Broder and Kornheiser take WaPo Buyouts
The Washington Post has offered another round of buyouts to its staff and two of their biggest names, David Broder and Tony Kornheiser, have opted for the cash.
In Broder’s case, it appears to be mostly an accounting move, as he’ll still be doing what he does now, just on a contract basis.
The column you have been running will not change at all, and you will continue to receive it from The Washington Post Writers Group. I will continue to write from the same office in the Post newsroom and will continue to travel the country to wherever politics is happening. You will find me at the Democratic and Republican conventions this summer and on the campaign trail this fall, just as I have been this winter and spring.
As of Jan. 1, I will become a contract employee of The Washington Post Company. For the last two years, the bulk of my reporting has gone into the column, rather than the news pages of the Post. This change will allow me to focus entirely on the column, while freeing up the Post to use its budget for other news-section salaries and expenses.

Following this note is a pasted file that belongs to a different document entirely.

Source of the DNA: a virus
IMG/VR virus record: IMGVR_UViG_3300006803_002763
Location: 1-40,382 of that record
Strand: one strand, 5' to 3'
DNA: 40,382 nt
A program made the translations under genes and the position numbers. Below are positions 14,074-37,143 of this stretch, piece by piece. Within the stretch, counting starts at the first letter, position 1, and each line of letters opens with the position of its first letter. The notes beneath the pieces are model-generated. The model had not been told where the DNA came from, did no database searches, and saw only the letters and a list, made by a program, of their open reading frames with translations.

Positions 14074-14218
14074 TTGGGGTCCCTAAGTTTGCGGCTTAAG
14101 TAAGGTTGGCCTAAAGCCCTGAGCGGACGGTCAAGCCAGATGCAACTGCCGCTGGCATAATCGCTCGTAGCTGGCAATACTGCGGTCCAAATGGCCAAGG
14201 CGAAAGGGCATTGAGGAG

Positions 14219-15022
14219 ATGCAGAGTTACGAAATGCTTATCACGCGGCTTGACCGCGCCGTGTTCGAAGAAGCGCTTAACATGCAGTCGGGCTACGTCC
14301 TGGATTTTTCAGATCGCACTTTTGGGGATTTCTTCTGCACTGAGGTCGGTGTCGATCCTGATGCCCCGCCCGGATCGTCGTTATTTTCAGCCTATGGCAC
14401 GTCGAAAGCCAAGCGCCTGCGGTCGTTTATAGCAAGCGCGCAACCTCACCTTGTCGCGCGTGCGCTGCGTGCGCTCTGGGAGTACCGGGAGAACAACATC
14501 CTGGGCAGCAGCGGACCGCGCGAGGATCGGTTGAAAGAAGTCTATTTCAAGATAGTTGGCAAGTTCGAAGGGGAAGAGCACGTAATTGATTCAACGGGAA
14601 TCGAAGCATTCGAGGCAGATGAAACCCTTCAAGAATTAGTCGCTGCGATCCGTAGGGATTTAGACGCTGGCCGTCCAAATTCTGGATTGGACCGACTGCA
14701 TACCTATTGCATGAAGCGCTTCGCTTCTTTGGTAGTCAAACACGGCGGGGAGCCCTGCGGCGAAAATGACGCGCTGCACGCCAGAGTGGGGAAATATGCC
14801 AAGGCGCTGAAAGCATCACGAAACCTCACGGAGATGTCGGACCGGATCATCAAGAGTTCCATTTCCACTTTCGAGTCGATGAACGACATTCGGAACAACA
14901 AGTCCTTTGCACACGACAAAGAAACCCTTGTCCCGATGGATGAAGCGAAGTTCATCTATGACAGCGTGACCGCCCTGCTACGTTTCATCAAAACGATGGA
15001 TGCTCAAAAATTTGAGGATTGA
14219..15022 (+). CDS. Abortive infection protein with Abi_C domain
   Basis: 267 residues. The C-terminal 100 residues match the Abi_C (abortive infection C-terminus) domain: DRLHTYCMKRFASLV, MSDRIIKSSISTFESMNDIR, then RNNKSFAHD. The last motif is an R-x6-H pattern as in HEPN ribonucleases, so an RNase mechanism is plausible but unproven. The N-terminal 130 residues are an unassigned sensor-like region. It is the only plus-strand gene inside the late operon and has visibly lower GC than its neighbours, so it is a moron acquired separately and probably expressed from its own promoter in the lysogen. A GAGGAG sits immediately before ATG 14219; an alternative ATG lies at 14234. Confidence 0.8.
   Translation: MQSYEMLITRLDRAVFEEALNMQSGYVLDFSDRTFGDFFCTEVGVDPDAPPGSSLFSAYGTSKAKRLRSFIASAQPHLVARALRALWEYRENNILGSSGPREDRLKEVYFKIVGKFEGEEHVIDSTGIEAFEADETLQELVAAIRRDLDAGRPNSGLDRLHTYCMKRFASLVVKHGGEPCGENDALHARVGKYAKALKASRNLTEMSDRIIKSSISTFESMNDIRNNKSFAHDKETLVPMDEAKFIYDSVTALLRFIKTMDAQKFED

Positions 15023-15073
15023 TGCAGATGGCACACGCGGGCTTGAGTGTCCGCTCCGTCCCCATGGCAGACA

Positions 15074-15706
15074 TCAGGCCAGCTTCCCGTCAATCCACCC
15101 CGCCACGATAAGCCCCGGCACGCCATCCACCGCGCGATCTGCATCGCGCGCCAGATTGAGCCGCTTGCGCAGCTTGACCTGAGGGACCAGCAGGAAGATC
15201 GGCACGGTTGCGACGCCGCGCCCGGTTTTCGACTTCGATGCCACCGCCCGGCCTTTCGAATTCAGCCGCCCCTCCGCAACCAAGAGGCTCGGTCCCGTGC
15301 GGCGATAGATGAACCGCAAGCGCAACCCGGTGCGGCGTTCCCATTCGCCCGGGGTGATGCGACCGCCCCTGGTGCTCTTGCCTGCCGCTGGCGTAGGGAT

Kornheiser, it appears, will be gone. He made the announcement on his radio show:
“All I ever wanted to be was a newspaper writer,” he said, which is likely not something that anyone under the age of 30 will ever say again. “This other stuff is great, but I don’t care about it,” he continued. “In my mind that’s what it says on the headstone, it says ‘newspaper guy.’ “
He’s been joking about the possibility on PTI for weeks now, so no real surprise. And, really, while he was a terrific writer in his day, he’s been phoning it in for quite some time. He’s stretched amazingly thin, with numerous TV and radio gigs, and just doesn’t do reporting anymore.
One wonders what other big names will be on the list? The buyout offer ends today. Executive editor Len Downie and ace military correspondent Thomas Ricks are widely rumored to be taking the Post up on it, too.
White House correspondent Peter Baker just jumped ship, too, although for reasons apparently unrelated to the buyout.